Guixot de 8 is a Spanish company that make street games. Using recycled materials, they make original games in their workshop in Barcelona. They pack the games into a van and go wherever they are invited. They then set up the games in the street and play with anyone who wants to try their hand.
Guixot de 8, led by creative force Joan Rovira, have been making street games since 1991. They have been to 30 countries in all 5 continents. Joan says they have made about 300 games which has given new life to about 10 tons of scrap!
Spain has a deep-rooted love of games in the street. These are usually well-known, popular games – and also ‘cucan
a’ which involve endless variations of climbing up, or along. a greasy pole in celebration of different festivals and other special occasions in small towns across Spain! But Guixot de 8 were the first to create sets of original games and turn them into a street show.
Since then, many more companies dedicated to street games have emerged – Tombs Creatius, Toc de Fusta, Itinerània, Katakrak and others. Talking with Joan, he explains that the best companies have developed their own style such as games made of wood, or traditional games made in giant versions for the street.
I have seen many of these street games in different places and they are always a magnet for children and adults alike. It is lovely for anyone, and perhaps especially an adult, to stop and play in the street with other people. It is genuine fun, completely absorbing. And easy to find that you have been very happily distracted from whatever else you may have been doing!
There is something timeless about these street games. They are not new, shiny, the latest thing, not digital, not even electric. Each one is carefully made by hand and is quite beautiful and special, based on simple physical and mechanical principles. I asked Joan why, in a time when people have access to so many digital games, he thinks people find these hand-made street games so appealing.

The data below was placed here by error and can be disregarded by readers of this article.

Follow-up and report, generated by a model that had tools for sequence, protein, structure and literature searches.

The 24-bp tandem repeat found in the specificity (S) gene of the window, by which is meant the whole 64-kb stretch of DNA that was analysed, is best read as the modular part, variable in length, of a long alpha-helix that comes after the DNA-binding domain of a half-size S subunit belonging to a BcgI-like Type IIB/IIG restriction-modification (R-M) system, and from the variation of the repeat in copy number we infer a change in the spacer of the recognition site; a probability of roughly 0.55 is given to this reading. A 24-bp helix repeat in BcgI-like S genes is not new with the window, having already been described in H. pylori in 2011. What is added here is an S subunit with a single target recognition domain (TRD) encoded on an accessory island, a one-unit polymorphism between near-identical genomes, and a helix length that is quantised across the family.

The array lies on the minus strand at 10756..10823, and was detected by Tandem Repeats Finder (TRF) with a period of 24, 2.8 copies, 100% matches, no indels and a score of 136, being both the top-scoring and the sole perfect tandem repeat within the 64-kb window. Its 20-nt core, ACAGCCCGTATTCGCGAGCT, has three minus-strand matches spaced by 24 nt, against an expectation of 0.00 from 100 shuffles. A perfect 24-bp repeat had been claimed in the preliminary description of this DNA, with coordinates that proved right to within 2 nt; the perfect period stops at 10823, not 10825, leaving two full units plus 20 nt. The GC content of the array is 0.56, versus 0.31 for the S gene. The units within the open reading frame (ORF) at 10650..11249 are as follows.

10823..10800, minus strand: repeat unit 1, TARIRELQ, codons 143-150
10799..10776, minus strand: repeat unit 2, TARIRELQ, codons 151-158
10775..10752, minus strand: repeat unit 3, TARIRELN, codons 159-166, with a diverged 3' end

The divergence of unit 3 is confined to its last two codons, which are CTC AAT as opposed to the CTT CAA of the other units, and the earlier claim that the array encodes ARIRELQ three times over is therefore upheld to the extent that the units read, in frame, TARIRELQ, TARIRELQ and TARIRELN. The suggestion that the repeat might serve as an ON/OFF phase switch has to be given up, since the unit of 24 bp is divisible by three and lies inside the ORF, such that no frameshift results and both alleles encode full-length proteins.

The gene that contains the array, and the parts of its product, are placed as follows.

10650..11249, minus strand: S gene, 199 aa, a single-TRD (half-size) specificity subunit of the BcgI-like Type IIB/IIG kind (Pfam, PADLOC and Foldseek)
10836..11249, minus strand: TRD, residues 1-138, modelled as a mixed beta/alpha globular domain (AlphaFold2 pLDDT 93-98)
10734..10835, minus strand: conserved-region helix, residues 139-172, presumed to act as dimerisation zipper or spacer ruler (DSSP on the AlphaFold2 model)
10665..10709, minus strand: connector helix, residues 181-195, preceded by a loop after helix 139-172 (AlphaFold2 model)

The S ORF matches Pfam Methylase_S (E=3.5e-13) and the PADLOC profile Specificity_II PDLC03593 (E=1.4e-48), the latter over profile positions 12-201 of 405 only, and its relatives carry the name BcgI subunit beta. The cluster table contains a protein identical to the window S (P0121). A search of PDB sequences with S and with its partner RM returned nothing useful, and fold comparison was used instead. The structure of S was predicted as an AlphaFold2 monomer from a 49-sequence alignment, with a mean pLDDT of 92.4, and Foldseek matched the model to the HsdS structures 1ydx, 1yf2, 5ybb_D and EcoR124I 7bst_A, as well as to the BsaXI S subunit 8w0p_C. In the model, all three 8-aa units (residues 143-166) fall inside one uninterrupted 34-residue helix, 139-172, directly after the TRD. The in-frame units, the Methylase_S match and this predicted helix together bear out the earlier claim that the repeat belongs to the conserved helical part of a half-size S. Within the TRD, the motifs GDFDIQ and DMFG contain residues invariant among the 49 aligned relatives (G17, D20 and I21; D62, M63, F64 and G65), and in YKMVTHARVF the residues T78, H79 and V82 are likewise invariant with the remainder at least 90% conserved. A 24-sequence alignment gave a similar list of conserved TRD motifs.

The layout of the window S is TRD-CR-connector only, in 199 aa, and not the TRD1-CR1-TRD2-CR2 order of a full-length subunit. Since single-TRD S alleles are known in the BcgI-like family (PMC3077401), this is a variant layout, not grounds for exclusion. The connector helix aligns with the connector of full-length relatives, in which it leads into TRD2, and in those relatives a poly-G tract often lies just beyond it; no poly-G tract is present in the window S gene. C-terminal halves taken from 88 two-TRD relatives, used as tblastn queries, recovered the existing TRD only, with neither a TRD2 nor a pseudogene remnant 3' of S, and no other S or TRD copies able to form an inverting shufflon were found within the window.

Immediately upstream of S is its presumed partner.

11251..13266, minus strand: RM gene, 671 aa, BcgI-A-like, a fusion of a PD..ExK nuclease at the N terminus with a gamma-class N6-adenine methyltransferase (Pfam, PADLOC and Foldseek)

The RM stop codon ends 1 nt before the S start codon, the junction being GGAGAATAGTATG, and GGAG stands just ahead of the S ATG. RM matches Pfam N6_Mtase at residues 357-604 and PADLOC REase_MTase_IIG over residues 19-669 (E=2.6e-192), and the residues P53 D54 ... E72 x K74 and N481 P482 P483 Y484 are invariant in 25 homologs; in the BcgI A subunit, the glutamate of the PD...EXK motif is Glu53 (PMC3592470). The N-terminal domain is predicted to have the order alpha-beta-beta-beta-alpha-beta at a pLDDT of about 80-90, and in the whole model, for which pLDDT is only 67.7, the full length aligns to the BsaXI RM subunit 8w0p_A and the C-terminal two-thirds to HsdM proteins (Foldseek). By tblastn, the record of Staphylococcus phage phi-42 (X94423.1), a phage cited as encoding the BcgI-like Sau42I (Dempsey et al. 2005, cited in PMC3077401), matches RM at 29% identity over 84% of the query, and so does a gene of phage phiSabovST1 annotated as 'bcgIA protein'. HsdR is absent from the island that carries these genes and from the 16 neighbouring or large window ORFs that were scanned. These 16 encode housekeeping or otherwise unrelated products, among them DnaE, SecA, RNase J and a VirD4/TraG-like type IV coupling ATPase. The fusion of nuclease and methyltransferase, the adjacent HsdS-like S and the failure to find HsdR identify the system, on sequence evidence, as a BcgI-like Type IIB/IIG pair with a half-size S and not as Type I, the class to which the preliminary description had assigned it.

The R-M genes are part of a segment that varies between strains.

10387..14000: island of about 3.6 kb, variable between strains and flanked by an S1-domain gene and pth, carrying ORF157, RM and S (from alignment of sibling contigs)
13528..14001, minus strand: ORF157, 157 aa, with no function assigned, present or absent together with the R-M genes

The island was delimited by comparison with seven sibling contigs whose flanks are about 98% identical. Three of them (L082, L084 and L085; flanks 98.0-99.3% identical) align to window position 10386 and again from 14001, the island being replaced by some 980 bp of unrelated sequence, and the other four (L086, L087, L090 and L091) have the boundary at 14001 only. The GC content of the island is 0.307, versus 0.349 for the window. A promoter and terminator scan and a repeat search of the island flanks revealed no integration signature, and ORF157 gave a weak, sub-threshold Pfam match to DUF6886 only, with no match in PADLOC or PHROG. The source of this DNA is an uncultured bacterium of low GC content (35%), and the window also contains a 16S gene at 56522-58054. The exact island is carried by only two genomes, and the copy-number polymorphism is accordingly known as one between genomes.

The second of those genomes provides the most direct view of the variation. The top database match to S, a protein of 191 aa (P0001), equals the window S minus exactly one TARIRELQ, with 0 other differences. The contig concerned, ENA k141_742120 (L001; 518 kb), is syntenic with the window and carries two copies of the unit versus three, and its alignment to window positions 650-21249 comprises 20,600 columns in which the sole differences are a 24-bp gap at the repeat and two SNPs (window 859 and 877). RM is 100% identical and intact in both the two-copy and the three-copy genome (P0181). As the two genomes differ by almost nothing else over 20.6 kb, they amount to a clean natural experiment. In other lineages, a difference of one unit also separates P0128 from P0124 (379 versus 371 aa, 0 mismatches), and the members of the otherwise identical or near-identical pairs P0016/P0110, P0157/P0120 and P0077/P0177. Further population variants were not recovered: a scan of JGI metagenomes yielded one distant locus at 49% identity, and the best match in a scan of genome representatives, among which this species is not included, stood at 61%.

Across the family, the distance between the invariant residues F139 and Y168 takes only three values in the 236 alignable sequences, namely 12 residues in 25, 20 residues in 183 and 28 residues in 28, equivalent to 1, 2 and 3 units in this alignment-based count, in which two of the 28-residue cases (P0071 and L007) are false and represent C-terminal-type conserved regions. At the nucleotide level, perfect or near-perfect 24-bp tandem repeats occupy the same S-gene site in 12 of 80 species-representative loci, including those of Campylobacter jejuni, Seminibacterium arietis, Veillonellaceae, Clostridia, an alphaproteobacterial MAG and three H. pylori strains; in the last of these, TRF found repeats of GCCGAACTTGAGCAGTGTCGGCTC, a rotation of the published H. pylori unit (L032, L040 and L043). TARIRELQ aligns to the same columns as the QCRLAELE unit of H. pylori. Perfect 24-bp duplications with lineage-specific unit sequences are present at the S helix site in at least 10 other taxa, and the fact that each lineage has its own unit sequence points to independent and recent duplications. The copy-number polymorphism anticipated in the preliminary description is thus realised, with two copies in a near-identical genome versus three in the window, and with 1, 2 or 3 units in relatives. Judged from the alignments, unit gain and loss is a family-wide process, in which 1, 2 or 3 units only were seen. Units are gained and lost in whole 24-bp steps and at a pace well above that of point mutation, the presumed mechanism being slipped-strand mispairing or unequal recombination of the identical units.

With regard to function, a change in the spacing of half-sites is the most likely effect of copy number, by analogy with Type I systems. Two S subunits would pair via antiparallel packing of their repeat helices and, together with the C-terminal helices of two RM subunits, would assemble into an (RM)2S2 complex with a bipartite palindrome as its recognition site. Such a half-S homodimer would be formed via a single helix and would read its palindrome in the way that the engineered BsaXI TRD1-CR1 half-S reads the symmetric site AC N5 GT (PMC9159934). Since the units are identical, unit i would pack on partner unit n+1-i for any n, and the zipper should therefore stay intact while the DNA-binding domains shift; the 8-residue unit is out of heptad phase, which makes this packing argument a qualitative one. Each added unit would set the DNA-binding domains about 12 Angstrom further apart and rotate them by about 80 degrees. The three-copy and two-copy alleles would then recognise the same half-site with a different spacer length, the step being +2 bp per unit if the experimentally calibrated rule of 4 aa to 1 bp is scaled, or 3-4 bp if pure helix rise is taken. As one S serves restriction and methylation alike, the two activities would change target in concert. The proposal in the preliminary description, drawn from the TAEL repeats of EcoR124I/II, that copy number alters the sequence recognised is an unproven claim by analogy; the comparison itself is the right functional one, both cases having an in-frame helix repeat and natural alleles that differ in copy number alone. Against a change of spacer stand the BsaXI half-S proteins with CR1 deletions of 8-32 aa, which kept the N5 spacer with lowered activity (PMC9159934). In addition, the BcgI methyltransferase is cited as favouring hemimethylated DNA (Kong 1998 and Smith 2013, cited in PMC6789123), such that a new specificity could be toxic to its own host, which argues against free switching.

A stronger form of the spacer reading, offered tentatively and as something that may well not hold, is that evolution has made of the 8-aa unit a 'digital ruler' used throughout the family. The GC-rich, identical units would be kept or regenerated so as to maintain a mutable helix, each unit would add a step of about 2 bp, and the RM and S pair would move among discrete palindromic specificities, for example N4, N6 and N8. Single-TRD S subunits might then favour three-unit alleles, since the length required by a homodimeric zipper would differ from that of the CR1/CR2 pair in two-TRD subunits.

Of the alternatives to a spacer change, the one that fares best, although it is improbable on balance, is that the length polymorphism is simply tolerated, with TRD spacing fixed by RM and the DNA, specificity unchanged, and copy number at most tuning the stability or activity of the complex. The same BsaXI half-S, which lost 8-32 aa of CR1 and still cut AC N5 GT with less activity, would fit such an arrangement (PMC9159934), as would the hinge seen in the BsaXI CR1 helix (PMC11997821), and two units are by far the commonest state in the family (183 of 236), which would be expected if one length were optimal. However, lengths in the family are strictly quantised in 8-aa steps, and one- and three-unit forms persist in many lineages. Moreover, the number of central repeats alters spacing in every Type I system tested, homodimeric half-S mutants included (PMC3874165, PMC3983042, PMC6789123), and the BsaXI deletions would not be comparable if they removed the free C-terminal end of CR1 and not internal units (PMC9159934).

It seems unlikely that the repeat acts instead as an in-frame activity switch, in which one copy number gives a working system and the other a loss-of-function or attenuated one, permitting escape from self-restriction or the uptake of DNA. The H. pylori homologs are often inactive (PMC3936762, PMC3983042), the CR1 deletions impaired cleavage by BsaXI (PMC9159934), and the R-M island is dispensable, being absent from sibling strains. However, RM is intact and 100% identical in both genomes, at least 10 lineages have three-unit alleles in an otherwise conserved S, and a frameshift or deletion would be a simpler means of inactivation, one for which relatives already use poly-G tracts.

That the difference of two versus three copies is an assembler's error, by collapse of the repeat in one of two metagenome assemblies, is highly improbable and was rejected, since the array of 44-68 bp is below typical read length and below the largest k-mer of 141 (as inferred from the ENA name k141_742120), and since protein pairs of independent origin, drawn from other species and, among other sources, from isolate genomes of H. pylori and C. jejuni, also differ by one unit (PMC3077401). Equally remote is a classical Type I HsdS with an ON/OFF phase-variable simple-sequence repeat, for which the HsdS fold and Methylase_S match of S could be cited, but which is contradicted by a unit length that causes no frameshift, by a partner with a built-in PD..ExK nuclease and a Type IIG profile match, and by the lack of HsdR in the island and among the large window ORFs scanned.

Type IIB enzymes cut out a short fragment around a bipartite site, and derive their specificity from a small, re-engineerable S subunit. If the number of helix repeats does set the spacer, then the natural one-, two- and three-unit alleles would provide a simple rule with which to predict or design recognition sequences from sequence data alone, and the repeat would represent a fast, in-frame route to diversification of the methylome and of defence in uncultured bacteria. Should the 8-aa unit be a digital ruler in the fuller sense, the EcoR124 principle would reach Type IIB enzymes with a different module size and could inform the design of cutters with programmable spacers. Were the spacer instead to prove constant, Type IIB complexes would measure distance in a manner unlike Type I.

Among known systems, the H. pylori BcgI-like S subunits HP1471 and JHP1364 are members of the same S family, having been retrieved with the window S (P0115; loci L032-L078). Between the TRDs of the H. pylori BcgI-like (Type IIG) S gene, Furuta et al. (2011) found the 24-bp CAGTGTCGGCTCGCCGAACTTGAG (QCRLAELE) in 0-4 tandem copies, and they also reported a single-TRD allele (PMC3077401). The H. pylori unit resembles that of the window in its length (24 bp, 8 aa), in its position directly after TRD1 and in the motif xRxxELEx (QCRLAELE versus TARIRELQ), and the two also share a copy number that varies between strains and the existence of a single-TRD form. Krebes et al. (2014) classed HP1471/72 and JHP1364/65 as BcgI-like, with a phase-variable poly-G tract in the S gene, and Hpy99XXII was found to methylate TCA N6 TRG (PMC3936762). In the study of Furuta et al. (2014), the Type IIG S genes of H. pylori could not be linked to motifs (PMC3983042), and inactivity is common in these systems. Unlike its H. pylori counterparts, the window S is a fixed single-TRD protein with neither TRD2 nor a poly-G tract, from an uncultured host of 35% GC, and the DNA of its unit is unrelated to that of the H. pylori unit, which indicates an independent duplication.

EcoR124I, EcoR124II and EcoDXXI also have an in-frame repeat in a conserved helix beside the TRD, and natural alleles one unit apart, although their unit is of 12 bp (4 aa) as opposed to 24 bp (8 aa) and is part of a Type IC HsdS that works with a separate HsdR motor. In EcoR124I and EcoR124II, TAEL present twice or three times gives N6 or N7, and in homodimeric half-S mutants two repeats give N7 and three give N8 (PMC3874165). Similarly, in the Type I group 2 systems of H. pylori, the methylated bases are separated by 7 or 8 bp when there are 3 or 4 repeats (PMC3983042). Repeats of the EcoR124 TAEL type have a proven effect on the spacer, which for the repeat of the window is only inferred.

Joan Rovira: ‘I think it’s because they are an alternative to screen games. I think that playing with simple physics is attractive. Physics has a poetry that captivates you. Also, the games seem easy but they are not! It makes people keep trying, over and over again. When playing the games, people are all children – just of different heights!’
One of the things I love about these games is that you just start playing them with people you don’t know. They are so much larger than the games you might have at home, so they contain an implicit invitation to play with them as a community.
Joan says that they often create a very trusting relationship between people. ‘Sometimes, someone takes a person’s bag, and then passes it to another person to keep, whilst the owner is playing. This is a bit unthinkable in current times, but it has happened many times’.
‘People also learn from each other – passing on what they have learned from the person playing before. People give each other advice and applaud those who succeed. People will chase after a ball that has fallen out of the game for others’.
‘People laugh together, people smile, people think.’
So often at Bell Square, people say the events bring people together and make them feel connected to others in their community.
Let’s take our public space and play games together! See you on Saturday, 4 November!